The Hive is both informative and interesting. It is also strangely relaxing in the way it filters the light as you sit inside sheltering form the sun on a warm London day. I would recommend not to rush through the artwork, it repays time spent there. The summer wildflower meadow on the walk up is beautiful too.
Georgia O’Keeffe at the Tate Modern is a very big exhibition. There are thirteen room filled with paintings from every period of her career and there are also some works by her friends and collaborators. It was a nice, unexpected bonus to see some Americana by Ansell Adams included in the show.
It is arranged mostly chronologically and with so many pieces on show, you can watch her style developing through the decades. The earliest pieces are from the 1910s and you can see a hint of the time in them. The 1920s pictures and the New York ones have the slightest art deco feel and her ability with colour is profound even from the earliest days.
The 1920s,1930s flower pictures are probably her most famous and they look so modern, vibrant and current even now that it is difficult to imagine how new they must have seemed 80 odd years ago.
Georgia O’Keeffe’s move to New Mexico brought another complete change of style. the only common factor being the inspired use of colour throughout. There are also series from the 1940s and 1950s where some are more minimalist in nature and others are figurative.
The latest pictures date from the 1960s and you can also see the times reflected here.
Initially, I thought that the entrance fee, around £16, was pretty steep for a single show. However, it is probably one of the largest shows that I have ever seen, you won’t really feel like seeing much else in the Tate Modern on the same day, and the quality of the paintings is such that, on balance, it is good value for money. There is also enough depth to the exhibition that you can really see the arc of her development as you walk round the show and it is very interesting to watch those changes over the course of such a long, talented career.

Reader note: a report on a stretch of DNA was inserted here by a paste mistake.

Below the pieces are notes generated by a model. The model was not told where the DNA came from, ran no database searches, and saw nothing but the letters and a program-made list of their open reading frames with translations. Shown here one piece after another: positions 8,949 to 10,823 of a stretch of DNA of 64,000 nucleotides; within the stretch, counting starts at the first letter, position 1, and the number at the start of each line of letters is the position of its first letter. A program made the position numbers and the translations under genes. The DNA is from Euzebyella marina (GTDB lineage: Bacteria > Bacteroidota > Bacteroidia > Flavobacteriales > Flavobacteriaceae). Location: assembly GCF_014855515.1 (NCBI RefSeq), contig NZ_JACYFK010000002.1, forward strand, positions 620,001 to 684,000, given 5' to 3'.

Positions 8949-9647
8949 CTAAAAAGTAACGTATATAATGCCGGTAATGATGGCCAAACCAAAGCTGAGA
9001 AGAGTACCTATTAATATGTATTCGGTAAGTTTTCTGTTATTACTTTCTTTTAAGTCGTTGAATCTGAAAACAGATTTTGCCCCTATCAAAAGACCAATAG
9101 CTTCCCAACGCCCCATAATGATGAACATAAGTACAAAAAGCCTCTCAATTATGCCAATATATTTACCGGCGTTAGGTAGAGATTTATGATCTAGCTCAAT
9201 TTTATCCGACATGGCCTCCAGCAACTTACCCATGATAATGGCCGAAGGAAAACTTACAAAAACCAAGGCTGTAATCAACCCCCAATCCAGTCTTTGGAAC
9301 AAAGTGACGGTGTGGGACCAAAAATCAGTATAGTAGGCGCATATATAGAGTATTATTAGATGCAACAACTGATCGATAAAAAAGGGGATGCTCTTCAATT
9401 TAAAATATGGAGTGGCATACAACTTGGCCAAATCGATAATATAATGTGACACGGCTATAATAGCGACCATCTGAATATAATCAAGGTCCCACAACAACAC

The Menier Chocolate Factory has a history of showing great productions of Sondheim musicals, so I went in with high expectations. This American troupe has transferred here, from off Broadway, having had runs in Princeton and San Diego before that.
They bring a stripped down, lo-fi interpretation of “Into the Woods” that is perfectly suited to the intimate surroundings of this theatre. The whole show, including music, is performed by 11 actors and musicians multitasking, with limited props and set changes. The resourcefulness of the company turn this into an asset and the simple setting allows one to notice new details in the lines and new depths in the characters. All of the players are great, but Andy Grotelueschen is fabulous as both the cow (!) and as Rapunzel’s prince. Patrick Mulrayn, who plays Jack, can belt out a tune too.
The set is quirky and funny, it looks like the inside of a piano reimagined as a Victorian dolls house. I particularly liked the piano keys surrounding the stage.
Shows from the Chocolate Factory often transfer to the West End, and this one surely deserves to, you don’t often see the whole audience stand to clap at the end of a show in London – but don’t wait until it does transfer before you go because this theatre is the perfect setting for such a gem.
This restaurant looks fantastic. When you step inside from the hectic lunchtime crowds on Wardour Street, it feels like you have walked into a vintage upscale diner in Midtown, New York. It has dark wood, leatherette banquettes, soft lighting and brass rails. The menu is high end American comfort food too – there is lots to choose from. The a-la-carte is relatively expensive, I guess we are right in the heart of Soho, but it has lunch and brunch special menus that look very good value.
The salt and pepper squid was great as a starter. We also had tomato soup which came lukewarm, but was delicious after we had it reheated. The hamburgers and fries were really good too – meaty and well cooked.
The cocktails were a bit more mixed in quality, the whiskey sour was not sour enough for me but the margarita was good and the martini excellent. It is a shame that they had no bottled beers that we had ever heard of on the menu and that the only draft beer was unfiltered.
The service was good and although we lingered over lunch, we were never rushed. All four of us enjoyed our lunch in Jackson & Rye and I would happily return.